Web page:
worry: ->
    console.log("My stocks are down 1%!")

  profit: (hardWork, luck) ->
    return (@age - 23) * hardWork * (luck + @privilegeConstant)

This translates into the following JavaScript.

var Bourgeoisie;
Bourgeoisie = (function() {
  function Bourgeoisie(age, privilegeConstant) {
    this.age = age;
    this.privilegeConstant = privilegeConstant;
  }
  Bourgeoisie.prototype.worry = function() {
    return console.log("My stocks are down 1%!");
  };
  Bourgeoisie.prototype.profit = function(hardWork, luck) {
    return (this.age - 23) * hardWork * (luck + this.privilegeConstant);
  };
  return Bourgeoisie;
})();

Notice that we’re using the prototype property of the constructor to add more functions. Doing so places the function into the __proto__ property of each instance, so that it can be used at will. Thus, when we create a new instance of Bourgeoisie, the age and privilegeConstant variables are placed on the instance, while the worry() and profit() functions are placed on the prototype of the instance. Using this example as a parent class, let’s explore inheritance.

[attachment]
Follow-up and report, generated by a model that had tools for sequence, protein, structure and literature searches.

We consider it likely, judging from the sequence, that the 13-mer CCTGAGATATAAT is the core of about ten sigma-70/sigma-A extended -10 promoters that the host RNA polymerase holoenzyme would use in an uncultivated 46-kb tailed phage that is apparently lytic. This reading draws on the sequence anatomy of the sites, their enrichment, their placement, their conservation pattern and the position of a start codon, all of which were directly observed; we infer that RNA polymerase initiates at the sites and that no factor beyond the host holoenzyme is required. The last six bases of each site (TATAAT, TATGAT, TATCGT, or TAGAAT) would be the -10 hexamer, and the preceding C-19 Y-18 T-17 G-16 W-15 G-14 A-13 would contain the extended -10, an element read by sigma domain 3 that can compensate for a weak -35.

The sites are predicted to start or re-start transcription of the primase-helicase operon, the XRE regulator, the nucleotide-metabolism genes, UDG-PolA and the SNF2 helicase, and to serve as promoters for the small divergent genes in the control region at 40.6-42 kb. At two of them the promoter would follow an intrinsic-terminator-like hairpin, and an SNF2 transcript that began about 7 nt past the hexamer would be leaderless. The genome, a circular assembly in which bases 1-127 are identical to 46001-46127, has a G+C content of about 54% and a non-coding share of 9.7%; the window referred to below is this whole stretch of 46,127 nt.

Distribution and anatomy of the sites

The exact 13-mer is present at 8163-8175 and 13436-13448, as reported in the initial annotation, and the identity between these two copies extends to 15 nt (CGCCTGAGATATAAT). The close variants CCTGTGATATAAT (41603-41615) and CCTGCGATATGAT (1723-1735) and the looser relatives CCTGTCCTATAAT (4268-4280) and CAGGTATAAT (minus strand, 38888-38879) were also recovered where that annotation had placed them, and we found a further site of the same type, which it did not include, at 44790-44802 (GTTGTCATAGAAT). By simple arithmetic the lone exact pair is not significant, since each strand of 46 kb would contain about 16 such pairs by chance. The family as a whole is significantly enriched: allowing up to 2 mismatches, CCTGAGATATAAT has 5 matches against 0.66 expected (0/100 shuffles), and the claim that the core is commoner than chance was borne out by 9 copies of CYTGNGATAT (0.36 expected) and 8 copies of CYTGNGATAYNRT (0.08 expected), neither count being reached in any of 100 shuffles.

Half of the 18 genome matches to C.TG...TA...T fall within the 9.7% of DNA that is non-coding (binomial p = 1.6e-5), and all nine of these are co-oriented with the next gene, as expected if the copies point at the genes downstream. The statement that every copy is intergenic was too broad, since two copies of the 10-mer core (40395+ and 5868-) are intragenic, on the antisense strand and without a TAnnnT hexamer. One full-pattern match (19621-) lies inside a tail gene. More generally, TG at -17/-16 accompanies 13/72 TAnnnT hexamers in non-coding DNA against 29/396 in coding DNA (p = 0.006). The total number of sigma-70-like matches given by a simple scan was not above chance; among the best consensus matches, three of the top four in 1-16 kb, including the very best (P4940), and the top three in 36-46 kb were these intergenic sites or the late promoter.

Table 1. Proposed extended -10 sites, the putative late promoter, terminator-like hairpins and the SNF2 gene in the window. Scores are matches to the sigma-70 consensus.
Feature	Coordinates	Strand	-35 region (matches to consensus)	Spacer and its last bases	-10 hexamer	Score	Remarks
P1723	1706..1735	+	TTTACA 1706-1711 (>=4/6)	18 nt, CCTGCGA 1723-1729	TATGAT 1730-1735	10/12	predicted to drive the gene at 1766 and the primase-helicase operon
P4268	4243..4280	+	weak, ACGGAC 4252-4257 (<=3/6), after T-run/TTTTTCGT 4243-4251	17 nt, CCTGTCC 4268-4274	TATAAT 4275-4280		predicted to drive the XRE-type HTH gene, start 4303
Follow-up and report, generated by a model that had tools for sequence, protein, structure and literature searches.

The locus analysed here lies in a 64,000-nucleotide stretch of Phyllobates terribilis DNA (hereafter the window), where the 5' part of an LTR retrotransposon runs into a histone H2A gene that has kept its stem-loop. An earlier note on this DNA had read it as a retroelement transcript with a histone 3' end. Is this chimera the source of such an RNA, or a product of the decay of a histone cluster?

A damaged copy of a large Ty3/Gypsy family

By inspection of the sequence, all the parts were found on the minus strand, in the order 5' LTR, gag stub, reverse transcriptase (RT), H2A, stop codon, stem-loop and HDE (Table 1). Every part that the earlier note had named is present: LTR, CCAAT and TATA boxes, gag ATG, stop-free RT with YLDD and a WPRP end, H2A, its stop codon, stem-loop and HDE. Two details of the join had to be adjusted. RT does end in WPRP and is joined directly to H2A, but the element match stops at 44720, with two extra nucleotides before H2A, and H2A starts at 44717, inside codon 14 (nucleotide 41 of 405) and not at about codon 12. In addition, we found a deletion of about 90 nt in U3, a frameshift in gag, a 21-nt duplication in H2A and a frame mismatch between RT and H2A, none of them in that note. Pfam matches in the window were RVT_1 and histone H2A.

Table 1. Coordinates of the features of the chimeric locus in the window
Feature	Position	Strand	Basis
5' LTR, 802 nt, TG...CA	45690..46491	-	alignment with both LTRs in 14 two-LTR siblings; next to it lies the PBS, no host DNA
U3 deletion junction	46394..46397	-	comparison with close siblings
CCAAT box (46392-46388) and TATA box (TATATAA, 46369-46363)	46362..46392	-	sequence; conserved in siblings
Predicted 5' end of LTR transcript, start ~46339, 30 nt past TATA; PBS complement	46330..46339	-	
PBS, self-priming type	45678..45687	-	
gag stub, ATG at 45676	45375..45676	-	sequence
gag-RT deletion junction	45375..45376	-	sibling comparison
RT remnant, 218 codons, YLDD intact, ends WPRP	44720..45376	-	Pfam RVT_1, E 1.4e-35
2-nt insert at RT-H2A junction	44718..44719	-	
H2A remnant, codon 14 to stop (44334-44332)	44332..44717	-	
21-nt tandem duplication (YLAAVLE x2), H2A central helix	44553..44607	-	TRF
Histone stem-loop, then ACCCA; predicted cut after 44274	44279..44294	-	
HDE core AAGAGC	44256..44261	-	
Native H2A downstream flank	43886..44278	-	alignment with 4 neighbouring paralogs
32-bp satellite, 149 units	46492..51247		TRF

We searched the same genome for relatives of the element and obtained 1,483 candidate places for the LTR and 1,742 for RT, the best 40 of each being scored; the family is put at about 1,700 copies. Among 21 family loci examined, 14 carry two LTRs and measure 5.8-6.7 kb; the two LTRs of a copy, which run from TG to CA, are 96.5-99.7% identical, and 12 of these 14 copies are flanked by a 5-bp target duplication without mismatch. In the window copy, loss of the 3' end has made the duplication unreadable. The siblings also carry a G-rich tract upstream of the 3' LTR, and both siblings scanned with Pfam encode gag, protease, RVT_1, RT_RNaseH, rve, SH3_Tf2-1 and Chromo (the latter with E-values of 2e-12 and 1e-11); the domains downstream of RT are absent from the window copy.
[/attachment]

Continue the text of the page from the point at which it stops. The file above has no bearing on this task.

Inheritance

Take the following Senator class, which inherits from Bourgeoisie. Note, the code for Bourgeoisie is not included, because it has not changed.

class Senator extends Bourgeoisie
  worry: ->
    console.log("My polls are down 1%!")

Now, let’s see what this simple class looks like in JavaScript.

var Senator,
  __hasProp = {}.hasOwnProperty,
  __extends = function(child, parent) {
    for (var key in parent) {
      if (__hasProp.call(parent, key)) {
        child[key] = parent[key];
      }
    }
    function ctor() { this.constructor = child; }
    ctor.prototype = parent.prototype;
    child.prototype = new ctor();
    child.__super__ = parent.prototype;